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The Daily Wildcat

The Daily Wildcat

 

    The best of the (recent) past

    Former Icecats forward Dave Cwik tackles Weber State forward David Lorenzen before players could shake hands after Arizonas 2-1 win in 2005 in the Tucson Convention Center Arena. The night was filled with roughing penalties by both teams, raising emotions that culminated in several fights.
    Former Icecats forward Dave Cwik tackles Weber State forward David Lorenzen before players could shake hands after Arizona’s 2-1 win in 2005 in the Tucson Convention Center Arena. The night was filled with roughing penalties by both teams, raising emotions that culminated in several fights.

    MLB.com is currently running a promotion they have dubbed “”Actober.”” The point is to “”show the world what a real fan looks like”” by showing fan-re-enacted postseason plays, submitted for a chance to win World Series tickets.

    If the UA ran a similar promotion encouraging fans to re-enact their favorite plays in recent history, which ones would make the cut? Which plays will go down in history as being the most unforgettable? Here’s a sampling of a few:

    1. March 5, 2005

    Guard Salim Stoudamire’s apparent shuffle of the feet went undetected, and his double-pump 14-foot jumper tickled the twine with six-tenths of a second to play to give the then-No. 11 Arizona men’s basketball team a 70-68 victory over ASU in Tempe. It was good timing in many ways, as the basket was Stoudamire’s only field goal of the second half and gave Arizona head coach Lute Olson his 305th Pacific 10 Conference victory, surpassing UCLA legend John Wooden, and the team its 11th

    conference title.

    2. May 26, 2007

    In a season full of heart, determination, and overall hustle, Arizona softball center fielder

    Caitlin Lowe pulled the wagon. She was chasing down a long drive in the first inning of a postseason game against Cal State-Fullerton when right fielder Adrienne Acton began yelling, warning Lowe that she was closing in on the wooden fence at Hillenbrand Stadium.

    Lowe, in full stride, went face first into the wall, right where the years of Arizona’s regional championships are painted on the blue fence. She hit “”1994,”” creating a horrible thud that was heard in the stands. She recoiled onto the outfield grass as the ball bounced away and two more runs were scored. Suffering a broken nose, Lowe was in the lineup the next night, wearing a facemask on her batting helmet and a protective mask in the field. It doesn’t matter what sport, they don’t get much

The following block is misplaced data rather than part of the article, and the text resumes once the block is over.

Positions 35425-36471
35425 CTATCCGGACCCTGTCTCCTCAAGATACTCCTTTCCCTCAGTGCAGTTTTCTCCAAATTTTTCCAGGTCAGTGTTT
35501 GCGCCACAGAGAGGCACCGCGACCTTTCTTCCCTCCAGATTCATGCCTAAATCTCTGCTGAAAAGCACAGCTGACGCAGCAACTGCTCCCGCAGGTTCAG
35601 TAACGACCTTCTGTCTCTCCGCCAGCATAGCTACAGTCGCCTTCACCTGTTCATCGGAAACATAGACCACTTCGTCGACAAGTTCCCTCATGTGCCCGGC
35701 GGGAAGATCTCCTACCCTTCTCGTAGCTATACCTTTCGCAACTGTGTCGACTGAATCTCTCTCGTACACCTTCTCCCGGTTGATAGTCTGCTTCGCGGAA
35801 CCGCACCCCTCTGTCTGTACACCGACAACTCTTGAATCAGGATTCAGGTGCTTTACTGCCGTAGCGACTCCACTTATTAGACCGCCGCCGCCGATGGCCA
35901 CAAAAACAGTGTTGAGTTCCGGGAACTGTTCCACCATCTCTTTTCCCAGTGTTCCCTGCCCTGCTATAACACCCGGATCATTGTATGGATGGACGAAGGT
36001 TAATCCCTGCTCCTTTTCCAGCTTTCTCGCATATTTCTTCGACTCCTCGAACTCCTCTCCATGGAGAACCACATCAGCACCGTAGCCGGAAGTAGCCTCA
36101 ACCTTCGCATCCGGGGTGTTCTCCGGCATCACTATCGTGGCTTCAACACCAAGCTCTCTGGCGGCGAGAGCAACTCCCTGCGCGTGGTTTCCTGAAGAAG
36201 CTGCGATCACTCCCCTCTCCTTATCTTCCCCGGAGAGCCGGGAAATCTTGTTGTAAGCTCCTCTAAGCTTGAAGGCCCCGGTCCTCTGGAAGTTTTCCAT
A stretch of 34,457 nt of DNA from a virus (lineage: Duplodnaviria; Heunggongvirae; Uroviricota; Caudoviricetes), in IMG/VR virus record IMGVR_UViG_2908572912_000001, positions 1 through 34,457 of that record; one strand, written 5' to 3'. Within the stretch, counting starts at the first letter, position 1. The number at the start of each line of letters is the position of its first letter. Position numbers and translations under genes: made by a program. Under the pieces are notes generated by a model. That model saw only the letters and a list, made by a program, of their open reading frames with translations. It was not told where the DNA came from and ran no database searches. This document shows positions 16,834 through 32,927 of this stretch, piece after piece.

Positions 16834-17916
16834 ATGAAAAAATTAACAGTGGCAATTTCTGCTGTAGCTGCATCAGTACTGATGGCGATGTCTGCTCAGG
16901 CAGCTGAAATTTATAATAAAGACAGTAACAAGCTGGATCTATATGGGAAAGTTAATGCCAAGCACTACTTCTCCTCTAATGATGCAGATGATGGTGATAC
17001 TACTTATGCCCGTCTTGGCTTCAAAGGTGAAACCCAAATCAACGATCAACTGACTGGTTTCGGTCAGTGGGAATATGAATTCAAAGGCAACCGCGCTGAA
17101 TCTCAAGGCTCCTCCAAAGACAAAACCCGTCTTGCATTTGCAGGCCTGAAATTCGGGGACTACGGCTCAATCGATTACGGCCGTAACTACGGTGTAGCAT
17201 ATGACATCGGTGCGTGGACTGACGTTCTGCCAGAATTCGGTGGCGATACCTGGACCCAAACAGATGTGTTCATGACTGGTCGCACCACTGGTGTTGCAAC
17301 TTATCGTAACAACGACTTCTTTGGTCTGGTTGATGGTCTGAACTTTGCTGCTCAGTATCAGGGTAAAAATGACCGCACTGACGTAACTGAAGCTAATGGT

tougher than that.

    3. Dec. 30, 2006.

    Leading 85-75 in the final seconds of the game, the Arizona men’s basketball team closed out the game against Stanford with back-to-back fast-break dunks, the first by Mustafa Shakur and the second by Marcus Williams via an off-the-backboard pass from Jawann McClellan.

    Presumably upset at the dunks because the outcome of the game had already been decided, Stanford head coach Trent Johnson repeatedly said, “”That’s chicken-shit,”” while pacing the sidelines.

    4. April 2, 2006

    Talk about drama. In the inaugural Challenge at Chase Field between the Arizona and ASU baseball teams, freshman designated hitter David Plante launched a grand slam in the eighth inning to put the Wildcats ahead for good in a 12-8 win. The Wildcats went on to beat ASU the following year in the same contest, 6-5.

    5. Dec. 3, 2005

    Nice game, fellas. Not. It was a dramatic ending to say the least, as the Arizona Icecats swept No. 6 Weber State at the Tucson Convention Center. The postgame handshaking turned into a brutal melee when Wildcats from both teams covered the ice with blood and broken hockey sticks, giving the home crowd an encore show. You know what they say: “”If you can’t play nice … play hockey.””

    6. May 20, June 2, 2007

    You can call him the recycler. Outfielder Bill Rhinehart completed his final season with the Arizona baseball team on fire. He put Arizona’s first cycle since 2001 in the record books in his final home game of the regular season May 20 against Washington. What’s more amazing is that he then became the first Wildcat to pull off the feat in the postseason when he cycled against New Orleans on June 2 at the Wichita Regional. Rhinehart is the only player in school history to hit for the cycle twice in a career, let alone a single season.

    – compiled by Lance Madden

    Got another Wildcat play on your mind that’s not on this list? Let us know at sports@wildcat.arizona.edu.

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